Similarly, there are certain genetic changes, usually localized in the genes that encode the “target” for the effects of drugs, or mechanisms for their activation, which is associated with the effectiveness of drugs or the risk of developing certain types of adverse effects associated with the course of treatment. Thus, identifying these options for the patient can also help to choose the most appropriate treatment.
Precursors of Pharmacogenetics
The history of pharmacogenetics goes back to 510 BC, when Pythagoras discovered that the use of legumes in some people caused a severe and potentially fatal reaction. Currently, we know that such people suffer from favism, hemolytic anemia, which is caused by an “inherited” deficiency of the enzyme glucose-6-phosphate dehydrogenase (G6FD).
But this was not known until the beginning of the XX century, when the English doctor Archibald Garrod conducted his research on the nature of heredity of diseases related to metabolism, introducing the concept of “chemical individualism”. In his work Innate errors of metabolism, published in 1909, Garrod writes that “a certain dose of medicine, harmless to most people, has toxic effects for some patients, while other people may show exceptional tolerance to the same drug.”
Over the following years, new examples of excessive reactions were published, expressed both in the ineffectiveness of drugs and in the manifestation of hereditary models. But the reason for them was not clear until the late 80s, when studies began to be published concerning the molecular basis for certain hereditary models.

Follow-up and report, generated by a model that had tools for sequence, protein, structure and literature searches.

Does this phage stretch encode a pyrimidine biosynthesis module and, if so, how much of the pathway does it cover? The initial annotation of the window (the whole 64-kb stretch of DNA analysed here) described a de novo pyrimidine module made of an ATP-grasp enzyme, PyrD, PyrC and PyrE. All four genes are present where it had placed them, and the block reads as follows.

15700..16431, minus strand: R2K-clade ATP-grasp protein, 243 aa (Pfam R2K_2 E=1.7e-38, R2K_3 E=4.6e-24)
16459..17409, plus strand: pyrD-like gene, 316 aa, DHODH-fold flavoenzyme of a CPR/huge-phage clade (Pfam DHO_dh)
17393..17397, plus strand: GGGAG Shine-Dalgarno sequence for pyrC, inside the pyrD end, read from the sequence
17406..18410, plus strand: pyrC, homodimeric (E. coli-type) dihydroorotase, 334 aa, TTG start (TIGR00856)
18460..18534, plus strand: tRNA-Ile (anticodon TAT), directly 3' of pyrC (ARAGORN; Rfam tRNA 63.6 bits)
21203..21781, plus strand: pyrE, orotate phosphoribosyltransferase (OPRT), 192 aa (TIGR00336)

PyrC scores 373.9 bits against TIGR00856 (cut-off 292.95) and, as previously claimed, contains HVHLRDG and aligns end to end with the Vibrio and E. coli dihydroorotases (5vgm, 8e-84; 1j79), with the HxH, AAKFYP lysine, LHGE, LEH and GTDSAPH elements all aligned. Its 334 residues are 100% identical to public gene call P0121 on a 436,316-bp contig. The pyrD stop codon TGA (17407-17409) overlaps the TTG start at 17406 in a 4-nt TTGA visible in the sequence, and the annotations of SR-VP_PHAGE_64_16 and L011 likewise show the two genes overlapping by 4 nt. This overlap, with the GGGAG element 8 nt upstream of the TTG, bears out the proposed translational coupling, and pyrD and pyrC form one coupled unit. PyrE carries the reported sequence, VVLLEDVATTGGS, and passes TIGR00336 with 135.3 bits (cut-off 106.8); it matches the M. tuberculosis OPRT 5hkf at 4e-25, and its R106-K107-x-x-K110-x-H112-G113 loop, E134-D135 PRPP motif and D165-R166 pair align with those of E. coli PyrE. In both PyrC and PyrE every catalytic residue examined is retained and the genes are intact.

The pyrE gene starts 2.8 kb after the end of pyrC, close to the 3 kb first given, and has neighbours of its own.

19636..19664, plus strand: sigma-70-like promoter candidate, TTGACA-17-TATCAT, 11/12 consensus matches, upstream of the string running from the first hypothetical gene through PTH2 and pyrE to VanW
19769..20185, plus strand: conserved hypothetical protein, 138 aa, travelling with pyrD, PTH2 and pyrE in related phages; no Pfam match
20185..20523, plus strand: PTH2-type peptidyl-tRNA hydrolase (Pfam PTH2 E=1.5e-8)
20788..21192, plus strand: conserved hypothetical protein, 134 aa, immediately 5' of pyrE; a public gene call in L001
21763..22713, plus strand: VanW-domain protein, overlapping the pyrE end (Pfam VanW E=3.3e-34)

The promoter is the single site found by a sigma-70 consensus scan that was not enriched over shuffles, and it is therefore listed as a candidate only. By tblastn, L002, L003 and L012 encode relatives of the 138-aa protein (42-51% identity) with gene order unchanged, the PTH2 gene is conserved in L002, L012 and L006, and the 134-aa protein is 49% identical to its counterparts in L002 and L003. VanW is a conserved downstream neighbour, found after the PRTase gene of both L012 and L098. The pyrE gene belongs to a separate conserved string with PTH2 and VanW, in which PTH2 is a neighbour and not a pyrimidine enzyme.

In recent decades, the rapid development of new DNA analysis technologies, together with the publication of the decoding of the human genome, has given impetus to the rapid evolution of pharmacogenetics.
Advantages of Pharmacogenetics
Traditionally, it was believed that the reaction to a particular drug depended on physiological factors such as age, weight or gender, as well as external factors such as diet, bad habits or concomitant diseases. Currently, it has been known for several years that genetic factors play a key role in the variability of reactions to drugs, giving in some cases 50% of such dependence.
As already noted, not all the drugs are completely effective for all patients. This indicator is estimated in the range from 25 to 80% of satisfactory reactions of patients, depending on the course of treatment, while the rate of reactions to most drugs ranges from 50 to 70%. Moreover, except for the lack of an absolute response to treatment, drugs can give severe adverse reactions.
In the specific case of drugs used in the field of psychiatry, up to 60% of patients with depression do not fully respond to antidepressants, and up to 30% do not receive any reaction. In addition, the adverse effects of antidepressant treatment are frequent, and their occurrence cannot be predicted a priori.
Similarly, although antipsychotic drugs have revolutionized the treatment of schizophrenia, the remission rate is about 35–40%. Moreover, it is estimated that about 25% of patients undergoing long-term treatment with antipsychotic drugs develop distant dyskinesia, an adverse effect related to the motor system, which is potentially irreversible.
Also in the event of treatment of epilepsy, a similar phenomenon is observed: therapy with the use of antiepileptic drugs is characterized by effectiveness, adverse reactions and unpredictable individual dosage. Moreover, 20% of patients with epilepsy are resistant to antiepileptic drugs.
In the event of attention deficit hyperactivity disorder (ADHD), it is described that about 20–30% of patients do not respond or show intolerance to treatment.
Personalized medicine based on pharmacogenetics provides potential advantages in various areas of therapy compared to classical methods, because it allows you to more accurately select medications and learn about the possibility of certain adverse reactions. Such information provided by pharmacogenetics increases the likelihood of successful treatment and can result in overall savings for the healthcare system, because the number of intermediate stages of treatment and possible costs associated with them are reduced.